Law and the Sexes: Modernity and the Metarmophosis of the Legal Status of Women in Botswana

Bugalo Maripe


One of the intractable issues that Botswana has had to grapple with since
independence is the question of gender equality. The establishment of
Parliament set two rule making systems on a collision course; the traditional
law making system in which customary law is made on the one hand, and lawmaking
by Parliament on the other. Many of the laws that Botswana received
from the Cape of Good Hope did not treat men and women equally. This was
exacerbated by the fact that customary law, with its unequal treatment between
the sexes, was allowed to continue to exist side by side laws made by Parliament.
Today’s society is different in many ways. The level of education has risen;
participation by women in the economic landscape has increased; there are
more independent women who do not look up to any man for survival, women
get voted into Parliament and the last census indicates that the population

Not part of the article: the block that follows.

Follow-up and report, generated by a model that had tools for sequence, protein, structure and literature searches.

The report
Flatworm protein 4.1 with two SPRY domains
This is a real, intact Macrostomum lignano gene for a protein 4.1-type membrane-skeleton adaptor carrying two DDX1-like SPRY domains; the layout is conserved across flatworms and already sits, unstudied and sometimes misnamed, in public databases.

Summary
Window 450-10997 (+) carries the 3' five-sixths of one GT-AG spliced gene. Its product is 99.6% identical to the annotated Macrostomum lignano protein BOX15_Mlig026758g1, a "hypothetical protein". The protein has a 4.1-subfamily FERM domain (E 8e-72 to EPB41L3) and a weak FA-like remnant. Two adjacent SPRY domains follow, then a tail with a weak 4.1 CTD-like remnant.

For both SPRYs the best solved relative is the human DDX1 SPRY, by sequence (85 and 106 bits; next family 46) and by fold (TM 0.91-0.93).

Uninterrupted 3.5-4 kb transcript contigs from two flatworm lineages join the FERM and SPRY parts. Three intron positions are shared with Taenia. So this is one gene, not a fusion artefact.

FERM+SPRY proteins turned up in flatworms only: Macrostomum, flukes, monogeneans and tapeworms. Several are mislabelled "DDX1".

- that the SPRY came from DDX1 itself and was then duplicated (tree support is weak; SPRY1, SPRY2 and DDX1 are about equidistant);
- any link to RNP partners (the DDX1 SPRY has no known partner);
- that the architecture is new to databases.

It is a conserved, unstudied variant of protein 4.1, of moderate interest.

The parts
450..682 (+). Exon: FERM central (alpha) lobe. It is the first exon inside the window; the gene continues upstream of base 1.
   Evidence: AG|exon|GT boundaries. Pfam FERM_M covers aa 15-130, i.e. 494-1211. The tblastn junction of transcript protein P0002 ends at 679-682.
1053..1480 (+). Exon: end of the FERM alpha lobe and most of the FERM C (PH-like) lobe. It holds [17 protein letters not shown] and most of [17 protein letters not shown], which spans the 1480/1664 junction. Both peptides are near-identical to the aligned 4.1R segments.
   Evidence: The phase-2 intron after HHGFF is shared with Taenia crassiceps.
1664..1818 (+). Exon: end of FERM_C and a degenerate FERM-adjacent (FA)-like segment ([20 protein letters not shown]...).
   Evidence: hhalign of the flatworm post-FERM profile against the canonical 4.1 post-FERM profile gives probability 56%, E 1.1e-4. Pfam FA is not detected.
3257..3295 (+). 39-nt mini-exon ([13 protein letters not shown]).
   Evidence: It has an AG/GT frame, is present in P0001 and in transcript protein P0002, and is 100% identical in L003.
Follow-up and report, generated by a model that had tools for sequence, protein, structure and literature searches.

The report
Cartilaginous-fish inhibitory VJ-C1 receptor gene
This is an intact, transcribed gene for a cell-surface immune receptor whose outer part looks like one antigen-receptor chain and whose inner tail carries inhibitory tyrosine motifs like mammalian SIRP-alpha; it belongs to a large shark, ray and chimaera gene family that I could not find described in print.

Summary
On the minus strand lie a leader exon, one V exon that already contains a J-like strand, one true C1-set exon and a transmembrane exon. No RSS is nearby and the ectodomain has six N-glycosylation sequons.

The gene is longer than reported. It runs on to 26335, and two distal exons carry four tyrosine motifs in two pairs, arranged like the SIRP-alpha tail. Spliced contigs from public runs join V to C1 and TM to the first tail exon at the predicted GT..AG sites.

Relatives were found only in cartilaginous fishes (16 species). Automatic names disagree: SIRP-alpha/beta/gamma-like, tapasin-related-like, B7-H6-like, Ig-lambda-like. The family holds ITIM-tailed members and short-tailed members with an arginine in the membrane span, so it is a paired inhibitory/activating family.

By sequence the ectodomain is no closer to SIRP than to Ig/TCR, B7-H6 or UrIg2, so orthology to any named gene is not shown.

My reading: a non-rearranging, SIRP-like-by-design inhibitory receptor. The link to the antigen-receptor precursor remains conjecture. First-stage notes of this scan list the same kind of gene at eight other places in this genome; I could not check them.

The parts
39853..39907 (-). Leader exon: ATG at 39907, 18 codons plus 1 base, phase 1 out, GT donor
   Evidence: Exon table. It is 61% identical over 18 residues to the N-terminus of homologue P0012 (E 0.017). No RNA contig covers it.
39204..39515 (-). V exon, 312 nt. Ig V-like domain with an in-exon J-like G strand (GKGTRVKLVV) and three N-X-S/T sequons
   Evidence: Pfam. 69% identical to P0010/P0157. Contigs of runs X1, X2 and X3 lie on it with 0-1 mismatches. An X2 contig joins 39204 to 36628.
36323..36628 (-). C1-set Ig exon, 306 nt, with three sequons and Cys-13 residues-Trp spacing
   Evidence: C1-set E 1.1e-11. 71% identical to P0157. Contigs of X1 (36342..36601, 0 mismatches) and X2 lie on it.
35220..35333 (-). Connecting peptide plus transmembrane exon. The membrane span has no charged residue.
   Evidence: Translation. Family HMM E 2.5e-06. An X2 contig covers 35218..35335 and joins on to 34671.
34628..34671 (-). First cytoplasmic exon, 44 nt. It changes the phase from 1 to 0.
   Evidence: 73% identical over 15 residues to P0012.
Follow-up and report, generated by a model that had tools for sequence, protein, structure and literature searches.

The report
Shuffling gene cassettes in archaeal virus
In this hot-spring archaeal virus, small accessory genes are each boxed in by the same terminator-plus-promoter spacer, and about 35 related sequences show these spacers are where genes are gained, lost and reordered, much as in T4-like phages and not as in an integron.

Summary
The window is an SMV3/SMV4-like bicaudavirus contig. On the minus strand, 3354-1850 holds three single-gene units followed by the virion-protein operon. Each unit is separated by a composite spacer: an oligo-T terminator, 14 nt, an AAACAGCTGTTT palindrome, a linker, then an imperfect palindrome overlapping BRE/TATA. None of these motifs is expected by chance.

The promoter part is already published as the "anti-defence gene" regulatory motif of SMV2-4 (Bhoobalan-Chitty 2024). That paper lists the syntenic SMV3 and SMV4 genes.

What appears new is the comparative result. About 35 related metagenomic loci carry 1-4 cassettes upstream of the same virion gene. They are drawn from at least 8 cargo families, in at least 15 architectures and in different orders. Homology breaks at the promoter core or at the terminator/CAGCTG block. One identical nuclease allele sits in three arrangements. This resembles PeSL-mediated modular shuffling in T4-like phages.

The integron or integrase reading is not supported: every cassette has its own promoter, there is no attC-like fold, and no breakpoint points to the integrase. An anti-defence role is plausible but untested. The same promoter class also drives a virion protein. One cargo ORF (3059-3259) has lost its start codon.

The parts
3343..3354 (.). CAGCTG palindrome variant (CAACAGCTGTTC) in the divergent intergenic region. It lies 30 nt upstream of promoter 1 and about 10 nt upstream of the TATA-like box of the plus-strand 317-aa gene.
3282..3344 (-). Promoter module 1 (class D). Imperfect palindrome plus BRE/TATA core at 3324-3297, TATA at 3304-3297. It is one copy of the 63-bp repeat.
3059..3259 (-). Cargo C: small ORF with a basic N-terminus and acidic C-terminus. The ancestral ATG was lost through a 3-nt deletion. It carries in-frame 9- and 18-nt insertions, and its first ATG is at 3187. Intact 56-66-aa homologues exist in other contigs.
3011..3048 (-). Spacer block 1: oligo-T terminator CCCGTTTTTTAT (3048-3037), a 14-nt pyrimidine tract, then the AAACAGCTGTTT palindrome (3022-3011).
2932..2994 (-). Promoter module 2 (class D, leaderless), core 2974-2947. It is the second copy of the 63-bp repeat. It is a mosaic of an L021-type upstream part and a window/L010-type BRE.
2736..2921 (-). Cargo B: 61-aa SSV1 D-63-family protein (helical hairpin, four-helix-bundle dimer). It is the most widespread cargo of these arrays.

comprises more women than men. All these factors have dictated law reform
to refl ect the changing societal posture. The legislature has been challenged
to re-think the societal norms that position men above women and to engage
in process of law reform to ensure gender parity. The judiciary has also been
challenged in its interpretative role to embrace modern equality jurisprudence.
This paper traces the reform agenda since independence to determine
the extent to which gender equality has been achieved. It will be argued that
while the legislature has taken measures in advancing the reform agenda,
it has done so in a manner that has created uncertainties in some areas,
leaving judicial interpretation, with its own limitations, to remove sex based
discrimination prevalent in the past. It is contended that outstanding ambiguities
and uncertainties should be addressed through further revision of the law.

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